Pier

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Huntington Beach pier in large surf
Fear No Pier participants under the pier at Huntington Beach, including Lynn Kubasek, Julian Rusinek, Ray Meltvedt, Theo Schmeeckle, Natalie Merrow, Tanya MacLean, and Scott Zornig just after finishing their 19th stage swim
noun - A pier is a raised structure, including bridge and building supports and walkways, typically supported by widely spread piles or pillars. The lighter structure of a pier allows tides and currents to flow almost unhindered, whereas the more solid foundations of a quay or the closely spaced piles of a wharf can act as a breakwater, and are consequently more liable to silting. Piers can range in size and complexity from a simple lightweight wooden structure to major structures extended over 1600 metres.

Piers have been built for several purposes, and because these different purposes have distinct regional variances, the term pier tends to have different nuances of meaning in different parts of the world. Thus in North America and Australia, where many ports were, until recently, built on the multiple pier model, the term tends to imply a current or former cargo-handling facility. In Europe in contrast, where ports more often use basins and river-side quays than piers, the term is principally associated with the image of a Victorian cast iron pleasure pier. However, the earliest piers pre-date the Victorian age.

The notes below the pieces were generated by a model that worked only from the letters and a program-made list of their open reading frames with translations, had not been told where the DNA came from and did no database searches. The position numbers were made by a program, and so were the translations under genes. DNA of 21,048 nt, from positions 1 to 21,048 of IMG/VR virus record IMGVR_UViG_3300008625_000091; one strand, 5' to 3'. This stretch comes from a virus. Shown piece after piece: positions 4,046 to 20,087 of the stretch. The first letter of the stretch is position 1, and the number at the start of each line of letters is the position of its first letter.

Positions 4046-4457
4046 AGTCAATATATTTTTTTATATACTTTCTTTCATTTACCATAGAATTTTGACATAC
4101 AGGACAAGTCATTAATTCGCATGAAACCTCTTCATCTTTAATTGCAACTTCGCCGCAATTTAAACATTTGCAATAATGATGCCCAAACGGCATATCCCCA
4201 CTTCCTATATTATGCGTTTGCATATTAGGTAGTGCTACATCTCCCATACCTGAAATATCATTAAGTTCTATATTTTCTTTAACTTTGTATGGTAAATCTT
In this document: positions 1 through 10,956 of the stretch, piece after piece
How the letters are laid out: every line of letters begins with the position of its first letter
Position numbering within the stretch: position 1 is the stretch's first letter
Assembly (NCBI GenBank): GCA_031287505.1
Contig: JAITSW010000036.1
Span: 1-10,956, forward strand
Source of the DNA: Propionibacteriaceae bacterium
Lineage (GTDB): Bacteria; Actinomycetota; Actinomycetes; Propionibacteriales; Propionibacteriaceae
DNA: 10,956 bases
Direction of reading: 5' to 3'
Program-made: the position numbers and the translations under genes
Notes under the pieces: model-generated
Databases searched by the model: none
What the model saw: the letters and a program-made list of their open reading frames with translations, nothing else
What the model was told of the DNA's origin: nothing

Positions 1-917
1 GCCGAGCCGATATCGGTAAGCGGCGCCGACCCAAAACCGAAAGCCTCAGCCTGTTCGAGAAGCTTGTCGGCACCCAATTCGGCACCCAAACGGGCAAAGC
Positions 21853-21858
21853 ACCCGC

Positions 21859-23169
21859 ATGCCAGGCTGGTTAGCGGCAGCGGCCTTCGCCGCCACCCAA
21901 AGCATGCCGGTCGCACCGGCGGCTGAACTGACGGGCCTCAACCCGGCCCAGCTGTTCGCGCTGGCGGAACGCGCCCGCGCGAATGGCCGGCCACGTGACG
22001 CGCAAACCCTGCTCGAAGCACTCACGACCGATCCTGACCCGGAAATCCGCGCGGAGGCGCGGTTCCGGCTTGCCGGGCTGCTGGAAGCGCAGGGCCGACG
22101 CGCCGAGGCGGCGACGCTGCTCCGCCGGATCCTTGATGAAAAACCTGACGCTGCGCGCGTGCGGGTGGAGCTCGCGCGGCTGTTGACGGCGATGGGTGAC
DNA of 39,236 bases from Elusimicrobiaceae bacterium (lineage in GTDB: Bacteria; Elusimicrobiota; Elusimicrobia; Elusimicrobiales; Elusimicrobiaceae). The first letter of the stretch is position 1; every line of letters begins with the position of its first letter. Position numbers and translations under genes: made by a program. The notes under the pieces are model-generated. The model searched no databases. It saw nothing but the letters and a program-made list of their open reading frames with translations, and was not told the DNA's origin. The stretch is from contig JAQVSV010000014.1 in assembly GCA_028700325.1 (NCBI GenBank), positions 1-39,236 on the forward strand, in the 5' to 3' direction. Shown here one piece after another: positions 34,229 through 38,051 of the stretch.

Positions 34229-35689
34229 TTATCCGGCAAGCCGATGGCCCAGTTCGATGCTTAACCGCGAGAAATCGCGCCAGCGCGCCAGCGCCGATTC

There are many pier-to-pier open water swims or around-the-pier open water swims along the coast of California, including the Fear No Pier stage swim.

Piers in California

Southern California

Central California

Northern California

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